Mary was a mate of Anne Bonny on the Revenge.
Mary Read led a man's life most of her life. Her parents are unknown. What little that is known is that her widowed mother raised her as a boy. She was born in London, by the age of 13 she was employed as a foot boy to rich French woman, but soon ran away and signed on board a man-o-war. A few years later she jumped ship, only to enlist in a Foot Regiment. She fought in Flanders, showing great bravery. She later joined a Horse Regiment where she fell in love with a soldier. She confessed her womanhood to this man and they were married. The two opened an Inn called theThree Horseshoes near Castle Breda.
Unfortunately her husband died, and Mary once again assumed men's clothing, and once again attempted life in the Army, but failing at this, shipped off to the West Indies. On the way there, her ship was taken By Captain Calico Rackham.
Mary Read and Anne Bonny
As fate would have it, another female Pirate, Anne Bonny, was part of Calico's crew. Anne, saw a young strapping sailor among the newly captured prize and decided, she would have her way with the young man. Much to Anne's surprise, when she got the man alone, he opened his blouse and exposed to Anne that he too was a woman. Mary confessed that she would much rather join with Rackham than lead the dull life a woman and joined Calico's pirates. Calico Jack was a fairly successful pirate and his captured several ships. As ships were captured, Jack would often offer sailors the privilege of joining his crew. Once the sailor signed the articles of piracy they the former foe became a companion. After one such encounter, Mary took a fancy to one the pirates.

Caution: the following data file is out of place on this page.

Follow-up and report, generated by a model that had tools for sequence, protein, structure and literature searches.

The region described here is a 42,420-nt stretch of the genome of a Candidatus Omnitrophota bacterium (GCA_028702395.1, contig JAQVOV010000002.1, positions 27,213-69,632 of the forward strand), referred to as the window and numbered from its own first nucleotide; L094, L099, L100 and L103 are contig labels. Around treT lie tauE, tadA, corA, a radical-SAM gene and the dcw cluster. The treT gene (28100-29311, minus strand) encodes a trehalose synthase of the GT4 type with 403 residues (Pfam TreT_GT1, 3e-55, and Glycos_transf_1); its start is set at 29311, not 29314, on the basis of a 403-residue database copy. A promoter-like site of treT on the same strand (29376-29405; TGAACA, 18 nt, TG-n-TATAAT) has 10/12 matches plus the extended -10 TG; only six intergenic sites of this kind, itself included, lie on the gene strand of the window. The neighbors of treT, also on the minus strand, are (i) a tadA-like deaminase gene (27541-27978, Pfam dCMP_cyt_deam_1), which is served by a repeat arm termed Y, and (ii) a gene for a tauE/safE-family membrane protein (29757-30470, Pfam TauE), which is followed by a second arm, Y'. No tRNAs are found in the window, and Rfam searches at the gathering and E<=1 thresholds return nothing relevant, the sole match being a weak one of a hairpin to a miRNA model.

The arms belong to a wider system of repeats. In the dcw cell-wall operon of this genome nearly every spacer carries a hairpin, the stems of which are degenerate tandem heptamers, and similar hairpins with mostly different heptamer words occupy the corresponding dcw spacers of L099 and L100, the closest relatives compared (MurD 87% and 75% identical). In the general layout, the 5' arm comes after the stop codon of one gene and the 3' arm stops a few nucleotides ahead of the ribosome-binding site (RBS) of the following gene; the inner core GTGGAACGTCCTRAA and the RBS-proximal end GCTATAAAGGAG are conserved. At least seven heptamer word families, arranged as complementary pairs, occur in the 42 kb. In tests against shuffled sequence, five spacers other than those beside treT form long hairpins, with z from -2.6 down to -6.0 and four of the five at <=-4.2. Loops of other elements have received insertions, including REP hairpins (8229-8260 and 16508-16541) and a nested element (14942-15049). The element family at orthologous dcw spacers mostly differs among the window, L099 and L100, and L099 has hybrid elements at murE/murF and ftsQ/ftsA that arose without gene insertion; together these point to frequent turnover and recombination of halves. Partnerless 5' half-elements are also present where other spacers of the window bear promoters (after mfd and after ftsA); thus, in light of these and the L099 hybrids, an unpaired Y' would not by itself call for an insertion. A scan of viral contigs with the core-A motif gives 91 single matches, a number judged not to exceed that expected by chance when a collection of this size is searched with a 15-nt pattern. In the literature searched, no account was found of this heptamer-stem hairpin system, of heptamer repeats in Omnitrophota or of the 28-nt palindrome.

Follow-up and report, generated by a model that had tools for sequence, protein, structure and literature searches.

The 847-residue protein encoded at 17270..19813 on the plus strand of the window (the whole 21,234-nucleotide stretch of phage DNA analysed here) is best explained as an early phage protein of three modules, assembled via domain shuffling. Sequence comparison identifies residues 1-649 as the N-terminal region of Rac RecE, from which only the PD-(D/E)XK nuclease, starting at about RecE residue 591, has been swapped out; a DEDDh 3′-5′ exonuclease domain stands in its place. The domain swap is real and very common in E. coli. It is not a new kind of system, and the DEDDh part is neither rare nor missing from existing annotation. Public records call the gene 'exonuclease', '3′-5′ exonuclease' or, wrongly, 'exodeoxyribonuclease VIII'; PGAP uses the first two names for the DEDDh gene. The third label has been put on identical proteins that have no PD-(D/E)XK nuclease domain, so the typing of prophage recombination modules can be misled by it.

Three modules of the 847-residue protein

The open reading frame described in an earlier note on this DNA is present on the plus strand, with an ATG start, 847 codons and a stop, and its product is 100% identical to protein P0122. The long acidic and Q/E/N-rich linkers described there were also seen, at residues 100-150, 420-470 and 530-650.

This young fellow, however got in a quarrel with an older more experienced pirate while at anchor one night, and as the laws decreed, a duel was set for the next day. Mary, realizing that her lover would not stand a chance against the other pirate, began a quarrel with the bigger pirate, and demanded settlement on the spot. The quartermaster, as pirate law demanded, rowed the two ashore, and with pistol and cutlass, the duel began.
Both discharged their pistol for naught and then began the duel with cutlass in hand, The man had strength on his side but Mary was more agile and cunning. The duel had been going for some time, when the larger man made a thrust and stumbled. He would have probably managed to recover from this slip if it were not for what Mary did next.
Before the unbelieving eyes of the pirate, Mary ripped her shirt open to expose her breast. The pirate, not believing his eyes, hesitated for a split second. In that instance, Mary quickly grabbed his cutlass arm and with one swing of her own blade, nearly cut the mans head off. He lay on the ground grasping at the frothing bloody gash in his neck while still not believing he had been dueling with a woman. For surprisingly enough few of the men on board Calico's ship were aware that Anne and Mary were women.
Suffice to say Mary had as much spirit as Anne, which was more than many of her male companions. Upon be asked at her trial why a woman might turn to piracy, rather than come with an answer that might give her pardon, she instead replied, "that as to hanging, it is no great hardship, for were it not for that, every cowardly fellow would turn pirate and so unfit the Seas, that men of courage must starve."